the non-Federal sponsor remains to be determined and must be satisfactory to the Administration and the
Congress. The average annual benefits of $190,100,000 are based on savings in waterborne transportation costs
associated with the use of larger bulk carriers. The benefit-cost ratio is 3.6 to 1 at 8-3/8 percent. In Fiscal
Year 1985, funds are being used to continue economic studies to update the overall feasibility of the 55-foot
deepening, agency coordination and public involvement, and engineering and design of the 55-foot channels and
fixed mooring anchorages, initiate preparation of the General Design Memorandum, and complete preparation of
environmental documents including Supplement to the Final Environmental Impact Statement, site designation
document for the Dam Neck Disposal Area, and Supplemental Information Report for public dissemination of
information gained during conduct of the deepening environmental studies. In Fiscal Year 1986, funds will be used
to complete continuation of planning and engineering. Planning and Engineering Studies needed to initiate
deepening the upper reaches of the Elizabeth River and provision for long-term disposal of dredged material will
be accomplished concurrently with the 55-foot deepening when authorized and constructed.
planning and engineering study is scheduled for completion in September 1986.
b. Flood Damage Prevention Studies: The amount of $1,555,000 is requested in Fiscal Year 1986 for the
initiation of 1 Flood Damage Prevention Planning and Engineering study and the continuation of 3 Flood Damage
Prevention Planning and Engineering studies.
The study area is located in the City of Rahway in northeastern New Jersey in Union County along the Rahway River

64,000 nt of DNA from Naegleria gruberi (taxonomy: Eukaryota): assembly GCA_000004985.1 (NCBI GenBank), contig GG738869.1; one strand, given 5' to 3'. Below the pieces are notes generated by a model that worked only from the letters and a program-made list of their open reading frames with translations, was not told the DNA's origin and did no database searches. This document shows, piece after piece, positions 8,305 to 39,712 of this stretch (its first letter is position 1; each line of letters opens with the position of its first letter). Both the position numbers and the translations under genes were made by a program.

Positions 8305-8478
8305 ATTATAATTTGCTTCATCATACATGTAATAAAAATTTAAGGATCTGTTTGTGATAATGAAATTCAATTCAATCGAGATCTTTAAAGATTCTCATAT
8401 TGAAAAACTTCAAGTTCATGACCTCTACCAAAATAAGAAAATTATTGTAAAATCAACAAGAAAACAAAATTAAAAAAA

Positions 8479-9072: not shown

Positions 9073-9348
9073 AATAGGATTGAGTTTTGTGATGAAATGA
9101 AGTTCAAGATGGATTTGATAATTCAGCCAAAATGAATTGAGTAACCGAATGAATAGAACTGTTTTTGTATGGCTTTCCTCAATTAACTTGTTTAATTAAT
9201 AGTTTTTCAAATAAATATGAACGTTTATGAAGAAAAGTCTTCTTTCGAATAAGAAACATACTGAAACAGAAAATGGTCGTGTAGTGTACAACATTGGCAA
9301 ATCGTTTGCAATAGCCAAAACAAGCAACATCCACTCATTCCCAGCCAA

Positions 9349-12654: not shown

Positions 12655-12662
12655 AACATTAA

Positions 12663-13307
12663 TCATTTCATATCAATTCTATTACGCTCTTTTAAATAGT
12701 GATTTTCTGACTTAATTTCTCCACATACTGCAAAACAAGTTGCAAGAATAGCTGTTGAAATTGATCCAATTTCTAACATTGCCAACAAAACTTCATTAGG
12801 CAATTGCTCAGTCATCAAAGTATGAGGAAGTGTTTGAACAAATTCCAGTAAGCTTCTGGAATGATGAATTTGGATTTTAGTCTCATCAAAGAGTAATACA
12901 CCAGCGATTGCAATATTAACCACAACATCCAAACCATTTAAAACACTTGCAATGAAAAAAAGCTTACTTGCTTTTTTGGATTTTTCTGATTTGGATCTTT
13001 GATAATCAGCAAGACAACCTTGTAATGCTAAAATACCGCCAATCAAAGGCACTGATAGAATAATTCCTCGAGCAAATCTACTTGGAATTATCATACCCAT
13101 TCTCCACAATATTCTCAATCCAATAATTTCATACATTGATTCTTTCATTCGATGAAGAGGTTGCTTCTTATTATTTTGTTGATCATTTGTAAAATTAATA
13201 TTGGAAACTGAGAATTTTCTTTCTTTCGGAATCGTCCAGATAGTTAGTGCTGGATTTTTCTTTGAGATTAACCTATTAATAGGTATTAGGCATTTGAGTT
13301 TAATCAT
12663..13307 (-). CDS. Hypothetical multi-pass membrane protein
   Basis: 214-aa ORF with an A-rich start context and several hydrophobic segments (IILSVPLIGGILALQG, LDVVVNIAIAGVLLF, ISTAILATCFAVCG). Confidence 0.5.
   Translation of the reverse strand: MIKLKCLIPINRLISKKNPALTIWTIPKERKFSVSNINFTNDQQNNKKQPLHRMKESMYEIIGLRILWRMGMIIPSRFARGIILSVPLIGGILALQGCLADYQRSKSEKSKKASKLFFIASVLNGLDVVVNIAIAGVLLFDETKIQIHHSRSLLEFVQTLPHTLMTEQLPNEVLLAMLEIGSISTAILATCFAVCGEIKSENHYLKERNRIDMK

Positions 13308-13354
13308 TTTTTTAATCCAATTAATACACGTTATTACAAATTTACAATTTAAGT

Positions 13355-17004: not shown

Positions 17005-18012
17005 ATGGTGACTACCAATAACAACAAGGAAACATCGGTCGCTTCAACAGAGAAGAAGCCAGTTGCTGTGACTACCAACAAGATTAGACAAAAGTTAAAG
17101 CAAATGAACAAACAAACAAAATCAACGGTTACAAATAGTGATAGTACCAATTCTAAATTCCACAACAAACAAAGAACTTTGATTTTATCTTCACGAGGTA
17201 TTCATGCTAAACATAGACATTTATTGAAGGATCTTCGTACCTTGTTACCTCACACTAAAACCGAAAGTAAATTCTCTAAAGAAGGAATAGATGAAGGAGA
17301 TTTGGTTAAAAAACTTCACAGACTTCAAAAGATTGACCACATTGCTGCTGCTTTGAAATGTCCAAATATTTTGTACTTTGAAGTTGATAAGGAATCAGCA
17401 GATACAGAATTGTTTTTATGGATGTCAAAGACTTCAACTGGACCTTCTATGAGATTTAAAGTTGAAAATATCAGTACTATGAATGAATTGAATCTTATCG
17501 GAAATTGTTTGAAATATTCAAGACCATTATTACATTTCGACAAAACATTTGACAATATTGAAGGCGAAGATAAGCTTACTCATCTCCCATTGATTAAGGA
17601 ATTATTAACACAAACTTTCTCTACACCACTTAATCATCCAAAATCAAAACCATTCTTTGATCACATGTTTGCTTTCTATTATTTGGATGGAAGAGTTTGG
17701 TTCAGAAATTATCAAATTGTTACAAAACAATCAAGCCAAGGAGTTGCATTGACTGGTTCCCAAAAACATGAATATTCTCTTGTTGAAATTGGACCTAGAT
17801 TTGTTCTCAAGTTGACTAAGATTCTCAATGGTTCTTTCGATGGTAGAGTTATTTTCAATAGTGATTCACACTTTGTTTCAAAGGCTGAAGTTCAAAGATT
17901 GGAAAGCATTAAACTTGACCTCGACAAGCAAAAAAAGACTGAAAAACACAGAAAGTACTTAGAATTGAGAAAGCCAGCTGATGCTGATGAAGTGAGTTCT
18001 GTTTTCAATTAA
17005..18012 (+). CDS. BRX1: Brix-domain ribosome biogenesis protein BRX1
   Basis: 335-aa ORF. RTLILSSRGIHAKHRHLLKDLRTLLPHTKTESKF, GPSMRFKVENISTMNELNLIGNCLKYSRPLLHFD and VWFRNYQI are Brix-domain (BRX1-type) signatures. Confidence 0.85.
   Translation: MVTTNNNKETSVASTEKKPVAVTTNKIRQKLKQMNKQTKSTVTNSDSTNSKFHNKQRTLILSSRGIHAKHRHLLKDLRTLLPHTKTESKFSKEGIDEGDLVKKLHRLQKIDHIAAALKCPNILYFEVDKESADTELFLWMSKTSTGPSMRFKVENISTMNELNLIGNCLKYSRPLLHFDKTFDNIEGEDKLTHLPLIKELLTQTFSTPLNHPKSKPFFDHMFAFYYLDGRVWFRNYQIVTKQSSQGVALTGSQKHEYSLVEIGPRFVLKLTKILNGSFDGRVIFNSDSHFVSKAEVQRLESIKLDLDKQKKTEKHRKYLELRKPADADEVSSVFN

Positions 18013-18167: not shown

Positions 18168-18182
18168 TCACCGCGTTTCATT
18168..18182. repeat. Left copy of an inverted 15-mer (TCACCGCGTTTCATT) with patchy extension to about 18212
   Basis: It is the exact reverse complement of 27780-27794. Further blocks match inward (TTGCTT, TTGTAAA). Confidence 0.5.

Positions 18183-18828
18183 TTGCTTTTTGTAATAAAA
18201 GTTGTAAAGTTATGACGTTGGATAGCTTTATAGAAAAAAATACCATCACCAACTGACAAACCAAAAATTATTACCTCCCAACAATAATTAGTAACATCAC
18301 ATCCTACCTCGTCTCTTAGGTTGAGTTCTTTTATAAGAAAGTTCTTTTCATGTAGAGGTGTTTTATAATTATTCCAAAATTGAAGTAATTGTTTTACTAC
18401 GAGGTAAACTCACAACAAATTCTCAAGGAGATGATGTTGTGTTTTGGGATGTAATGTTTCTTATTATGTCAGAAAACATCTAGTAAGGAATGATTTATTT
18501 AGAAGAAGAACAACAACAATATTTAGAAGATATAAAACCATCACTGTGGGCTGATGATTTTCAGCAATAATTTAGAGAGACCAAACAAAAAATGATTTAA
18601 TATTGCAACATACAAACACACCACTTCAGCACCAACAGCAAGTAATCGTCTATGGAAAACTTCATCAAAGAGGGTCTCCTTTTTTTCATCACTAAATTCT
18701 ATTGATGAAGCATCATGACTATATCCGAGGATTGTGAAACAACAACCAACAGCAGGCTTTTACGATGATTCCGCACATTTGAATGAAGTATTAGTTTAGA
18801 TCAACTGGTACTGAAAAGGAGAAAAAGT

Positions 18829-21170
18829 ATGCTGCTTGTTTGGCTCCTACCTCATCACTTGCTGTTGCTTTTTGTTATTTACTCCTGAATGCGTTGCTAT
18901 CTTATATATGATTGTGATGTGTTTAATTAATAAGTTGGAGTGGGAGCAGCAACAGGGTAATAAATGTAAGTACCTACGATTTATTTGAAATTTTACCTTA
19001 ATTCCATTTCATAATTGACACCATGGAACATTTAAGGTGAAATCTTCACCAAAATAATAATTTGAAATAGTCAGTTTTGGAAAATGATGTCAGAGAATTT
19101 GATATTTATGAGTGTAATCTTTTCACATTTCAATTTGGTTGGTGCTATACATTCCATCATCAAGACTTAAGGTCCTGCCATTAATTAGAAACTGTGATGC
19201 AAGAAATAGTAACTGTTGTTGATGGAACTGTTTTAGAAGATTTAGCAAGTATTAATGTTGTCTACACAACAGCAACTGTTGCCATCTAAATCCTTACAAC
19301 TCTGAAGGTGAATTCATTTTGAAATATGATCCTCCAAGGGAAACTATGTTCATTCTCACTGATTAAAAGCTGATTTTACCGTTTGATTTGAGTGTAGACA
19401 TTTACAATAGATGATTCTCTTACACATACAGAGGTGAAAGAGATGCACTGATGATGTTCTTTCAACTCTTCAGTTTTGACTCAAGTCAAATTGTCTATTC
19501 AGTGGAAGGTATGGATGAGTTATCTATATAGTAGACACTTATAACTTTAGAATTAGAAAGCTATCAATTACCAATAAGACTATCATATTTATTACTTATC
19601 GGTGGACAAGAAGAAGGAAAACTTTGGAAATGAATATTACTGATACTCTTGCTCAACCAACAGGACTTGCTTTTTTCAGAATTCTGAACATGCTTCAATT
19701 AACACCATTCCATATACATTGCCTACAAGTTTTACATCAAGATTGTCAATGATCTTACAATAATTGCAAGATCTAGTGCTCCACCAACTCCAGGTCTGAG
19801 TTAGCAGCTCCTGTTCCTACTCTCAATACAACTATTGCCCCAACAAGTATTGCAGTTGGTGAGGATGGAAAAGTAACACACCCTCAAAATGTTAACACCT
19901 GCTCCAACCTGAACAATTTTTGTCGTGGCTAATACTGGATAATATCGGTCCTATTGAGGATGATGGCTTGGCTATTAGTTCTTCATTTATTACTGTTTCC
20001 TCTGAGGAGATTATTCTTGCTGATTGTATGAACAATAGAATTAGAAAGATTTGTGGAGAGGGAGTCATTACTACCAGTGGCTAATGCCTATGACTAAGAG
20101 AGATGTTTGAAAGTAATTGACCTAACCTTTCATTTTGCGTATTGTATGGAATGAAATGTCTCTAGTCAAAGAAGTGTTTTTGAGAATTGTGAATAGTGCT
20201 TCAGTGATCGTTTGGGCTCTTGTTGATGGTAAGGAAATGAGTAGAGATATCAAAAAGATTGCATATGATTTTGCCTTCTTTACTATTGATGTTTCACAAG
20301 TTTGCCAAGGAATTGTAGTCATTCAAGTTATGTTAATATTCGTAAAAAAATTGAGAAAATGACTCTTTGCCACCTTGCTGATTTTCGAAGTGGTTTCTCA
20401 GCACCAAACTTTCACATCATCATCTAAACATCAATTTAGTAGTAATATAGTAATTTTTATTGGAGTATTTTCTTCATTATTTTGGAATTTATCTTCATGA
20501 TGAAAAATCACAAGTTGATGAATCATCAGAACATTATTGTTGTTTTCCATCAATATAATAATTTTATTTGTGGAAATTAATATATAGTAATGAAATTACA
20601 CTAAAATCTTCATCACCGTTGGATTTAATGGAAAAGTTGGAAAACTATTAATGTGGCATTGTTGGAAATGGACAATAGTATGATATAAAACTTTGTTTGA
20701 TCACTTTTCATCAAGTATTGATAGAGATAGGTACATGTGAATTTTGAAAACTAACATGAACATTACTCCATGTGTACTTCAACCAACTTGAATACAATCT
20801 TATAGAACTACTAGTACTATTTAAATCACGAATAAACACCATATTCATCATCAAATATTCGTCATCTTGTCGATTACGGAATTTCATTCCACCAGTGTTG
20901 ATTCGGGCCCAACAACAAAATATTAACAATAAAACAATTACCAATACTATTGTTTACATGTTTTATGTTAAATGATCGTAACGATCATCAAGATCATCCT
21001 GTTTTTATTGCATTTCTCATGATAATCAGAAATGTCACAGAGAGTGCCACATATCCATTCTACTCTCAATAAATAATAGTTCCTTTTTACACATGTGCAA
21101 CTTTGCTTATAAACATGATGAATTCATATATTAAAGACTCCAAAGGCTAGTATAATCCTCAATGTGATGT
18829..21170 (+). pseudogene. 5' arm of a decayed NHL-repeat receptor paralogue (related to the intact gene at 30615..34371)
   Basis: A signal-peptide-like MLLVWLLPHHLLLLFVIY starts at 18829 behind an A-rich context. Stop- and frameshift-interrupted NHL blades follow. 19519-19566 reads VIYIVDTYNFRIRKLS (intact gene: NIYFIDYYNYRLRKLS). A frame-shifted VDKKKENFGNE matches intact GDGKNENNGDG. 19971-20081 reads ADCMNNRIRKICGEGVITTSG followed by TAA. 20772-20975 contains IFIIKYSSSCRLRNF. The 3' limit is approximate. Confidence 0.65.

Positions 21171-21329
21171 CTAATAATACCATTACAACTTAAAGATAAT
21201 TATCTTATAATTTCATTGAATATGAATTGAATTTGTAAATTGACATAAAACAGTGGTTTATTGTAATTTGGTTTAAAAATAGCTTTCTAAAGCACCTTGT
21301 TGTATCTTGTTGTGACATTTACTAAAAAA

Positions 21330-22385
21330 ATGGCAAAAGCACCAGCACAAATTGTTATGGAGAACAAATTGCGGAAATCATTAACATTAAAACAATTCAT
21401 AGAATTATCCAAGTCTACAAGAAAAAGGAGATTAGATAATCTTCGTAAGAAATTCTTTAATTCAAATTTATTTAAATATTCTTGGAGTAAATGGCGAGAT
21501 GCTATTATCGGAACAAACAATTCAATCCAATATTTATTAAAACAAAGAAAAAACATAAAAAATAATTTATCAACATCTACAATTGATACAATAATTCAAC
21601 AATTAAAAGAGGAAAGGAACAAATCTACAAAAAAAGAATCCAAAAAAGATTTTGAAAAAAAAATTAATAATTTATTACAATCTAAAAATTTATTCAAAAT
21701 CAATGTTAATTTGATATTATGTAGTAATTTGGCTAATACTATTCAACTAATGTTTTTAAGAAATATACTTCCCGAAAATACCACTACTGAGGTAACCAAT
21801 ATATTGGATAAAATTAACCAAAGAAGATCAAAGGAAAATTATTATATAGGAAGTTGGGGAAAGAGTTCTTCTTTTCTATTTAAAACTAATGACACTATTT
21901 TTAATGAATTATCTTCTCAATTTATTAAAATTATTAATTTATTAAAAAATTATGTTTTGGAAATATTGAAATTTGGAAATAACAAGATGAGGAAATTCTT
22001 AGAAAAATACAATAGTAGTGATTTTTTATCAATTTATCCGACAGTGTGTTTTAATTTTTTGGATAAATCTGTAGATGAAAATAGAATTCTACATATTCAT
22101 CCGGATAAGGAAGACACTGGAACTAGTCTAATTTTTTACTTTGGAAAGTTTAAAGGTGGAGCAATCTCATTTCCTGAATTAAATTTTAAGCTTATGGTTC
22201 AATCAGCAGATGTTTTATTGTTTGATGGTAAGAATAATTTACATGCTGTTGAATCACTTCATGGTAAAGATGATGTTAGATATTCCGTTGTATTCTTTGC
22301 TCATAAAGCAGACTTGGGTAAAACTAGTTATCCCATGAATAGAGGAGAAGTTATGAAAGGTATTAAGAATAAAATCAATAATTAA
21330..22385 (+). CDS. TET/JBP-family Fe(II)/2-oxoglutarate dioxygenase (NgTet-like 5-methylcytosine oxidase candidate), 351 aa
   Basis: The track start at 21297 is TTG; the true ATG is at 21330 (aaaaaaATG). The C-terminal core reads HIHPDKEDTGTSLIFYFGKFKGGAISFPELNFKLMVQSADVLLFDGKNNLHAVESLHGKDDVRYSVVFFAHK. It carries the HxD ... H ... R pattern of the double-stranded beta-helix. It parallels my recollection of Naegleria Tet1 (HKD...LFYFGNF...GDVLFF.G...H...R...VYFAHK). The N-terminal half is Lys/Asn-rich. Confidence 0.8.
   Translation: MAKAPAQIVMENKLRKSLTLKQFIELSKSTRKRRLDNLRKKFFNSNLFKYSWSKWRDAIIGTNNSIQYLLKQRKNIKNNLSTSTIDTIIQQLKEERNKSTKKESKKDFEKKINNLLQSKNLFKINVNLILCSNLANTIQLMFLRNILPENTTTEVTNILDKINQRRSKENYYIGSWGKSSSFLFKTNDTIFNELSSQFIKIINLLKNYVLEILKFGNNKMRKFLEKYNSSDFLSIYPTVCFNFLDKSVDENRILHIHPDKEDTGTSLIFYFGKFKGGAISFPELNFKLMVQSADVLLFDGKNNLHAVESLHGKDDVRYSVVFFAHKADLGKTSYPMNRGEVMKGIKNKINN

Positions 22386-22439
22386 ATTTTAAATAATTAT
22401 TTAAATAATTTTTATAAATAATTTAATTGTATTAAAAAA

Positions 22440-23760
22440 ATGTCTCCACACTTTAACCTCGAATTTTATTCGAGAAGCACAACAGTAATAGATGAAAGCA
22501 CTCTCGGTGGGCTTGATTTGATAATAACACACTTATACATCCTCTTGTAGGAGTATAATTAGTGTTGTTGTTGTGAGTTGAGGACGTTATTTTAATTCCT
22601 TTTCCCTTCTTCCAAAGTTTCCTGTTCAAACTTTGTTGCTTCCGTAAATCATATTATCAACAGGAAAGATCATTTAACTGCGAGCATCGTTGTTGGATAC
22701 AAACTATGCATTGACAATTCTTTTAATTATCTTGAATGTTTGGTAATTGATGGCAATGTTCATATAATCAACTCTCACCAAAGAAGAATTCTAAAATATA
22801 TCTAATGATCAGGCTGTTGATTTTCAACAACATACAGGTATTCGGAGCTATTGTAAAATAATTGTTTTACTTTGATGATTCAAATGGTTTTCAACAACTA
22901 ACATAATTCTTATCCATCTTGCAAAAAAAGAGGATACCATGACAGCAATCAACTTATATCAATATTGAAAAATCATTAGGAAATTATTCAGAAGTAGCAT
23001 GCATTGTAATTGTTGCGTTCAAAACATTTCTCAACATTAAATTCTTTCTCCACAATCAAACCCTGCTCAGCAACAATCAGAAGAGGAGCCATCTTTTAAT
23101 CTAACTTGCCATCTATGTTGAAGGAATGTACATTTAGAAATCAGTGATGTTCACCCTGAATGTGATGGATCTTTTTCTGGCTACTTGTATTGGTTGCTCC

and lower Robinson's Branch in the Rahway River Basin. Major flooding in recent years has adversely affected many
residential and commercial establishments. The plan of improvement being studied is one of two recommendations
for flood control included in an interim report for Robinson's Branch of the Rahway River Basin at Clark, Scotch
Plains and Rahway, New Jersey. This report was submitted to Congress on 12 December 1978 and provides for channel
modification along approximately 6,300 feet of Lower Robinson's Branch, one bridge replacement, and levee and
floodwall construction along sections of both the lower Robinson's Branch and the Rahway River. These improve-
ments will substantially reduce flood damages for approximately 20 commercial and industrial establishments, 150
residences, and associated development. Damages of about $4,238,000 (October 1984 price level) from the 100 year
frequency flood would be completely eliminated under the recommended plan. The October 1984 estimated project
cost is $11,900,000. Cost-sharing between the Federal Government and non-Federal sponsors remains to be
determined and must be satisfactory to the Administration and the Congress. The average annual benefits are
estimated at $1,042,500 of which $1,000,600 is for urban flood damage prevention and $41,900 is for elimination of
traffic delays and for advanced replacement of bridges. The benefit cost ratio is 1.02 and 1 at 8-3/8 percent.
With the funds provided in Fiscal Year 1985 the reevaluation report, which selects a plan for final design, will
be completed, and detailed planning and engineering studies will continue, public involvement will continue,
hydraulic design and detailed structural and foundation design will be initiated, and data for an environmental
Supplemental Information Report will be developed. With funds requested for Fiscal Year 1986, public involvement
Rahway River Basin,
will continue, detailed structural and foundation design will continue, development of data for an environmental
Supplemental Information Report will continue, and determination of real estate requirements will be initiated.
The study cost estimate has increased by $200,000 and the study schedule has been extended one year. These
changes are due to additional work required for reformulating the recommended plan and, incorporating recent
This continuation of planning and engineering effort is scheduled for
guidance on interior flood control design.
completion in March 1987 in lieu of March 1986.